45 Huntington Avenue, the Ebenezer Huntington House, is a 2-story, center-chimney house, credited with a construction date of 1717. This seems unlikely in view of the 6-over-6 sash and ample size; further, while an Ebenezer Huntington married Sarah Leffingwell in 1717 (providing a handy building date), another Ebenezer Huntington married another Sarah, Sarah Isham, in 1791, providing a more plausible handy building date.
On the other side of Huntington Avenue, at 14 and 16, are two very plain, nearly identical, 2-1/2 story, gable-roofed houses both built in the 19th century. Just past Hammer Brook stands another of Bean Hill's early houses, 32 Huntington Avenue. A 2-story, five-bay, center-chimney structure with a later 19th-century turned-and-sawn wood porch, the house dates from the late 18th- or early 19th-century. An unusual building at 36 Huntington Avenue, 2 stories tall with a flat, sloping roof with brackets, may be the converted 19th-century outbuilding of 52 Huntington Avenue. Next door, at 42 and 44 Huntington Avenue are two 20th-century buildings, one a 1950s Cape and the other, an early 20th-century building in a simplified version of the Shingle style. 46 Huntington Avenue, the Charles Avery House, a four-bay wide, 2-story center-chimney structure with a long lean-to at the rear, dates c.1750, the year of Charles Avery's marriage to Abigail Post. The house stands on the home-lot of Jonathan Avery, an early Bean Hiller.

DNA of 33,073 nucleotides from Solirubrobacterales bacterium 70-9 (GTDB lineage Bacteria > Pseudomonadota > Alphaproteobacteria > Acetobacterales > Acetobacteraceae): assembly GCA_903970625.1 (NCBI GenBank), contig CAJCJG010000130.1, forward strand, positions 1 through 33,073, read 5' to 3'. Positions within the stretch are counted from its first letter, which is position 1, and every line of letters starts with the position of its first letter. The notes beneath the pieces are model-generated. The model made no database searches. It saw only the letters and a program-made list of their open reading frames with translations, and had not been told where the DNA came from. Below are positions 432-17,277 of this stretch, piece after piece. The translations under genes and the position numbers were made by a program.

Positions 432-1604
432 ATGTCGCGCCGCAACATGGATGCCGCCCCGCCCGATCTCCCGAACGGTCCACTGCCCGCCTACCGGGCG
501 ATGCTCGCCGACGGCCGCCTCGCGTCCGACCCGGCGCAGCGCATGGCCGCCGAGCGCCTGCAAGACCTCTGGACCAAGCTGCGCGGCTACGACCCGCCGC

The Bean Hill Historic District comprises a compact grouping of simple 18th- and 19th-century buildings representing an important survival of vernacular architecture relating to the earliest settlement and development of the area. The buildings retain their early configuration around Bean Hill Plain and up West Town Street. Since the 17th century, West Town Street has been a major highway leading north out of Norwich and Bean Hill Plain was once an important local gathering place. Bean Hill is significant for the quality and preservation of its architecture and as the home of several figures important in state and local history. It is also significant as the site of several early industries, including grist and saw mills and a pottery. Bean Hill was home to mechanics, artisans, shop and tavern keepers and others. By the 19th century, Bean Hill had developed the mixed residential/commercial/character it has today.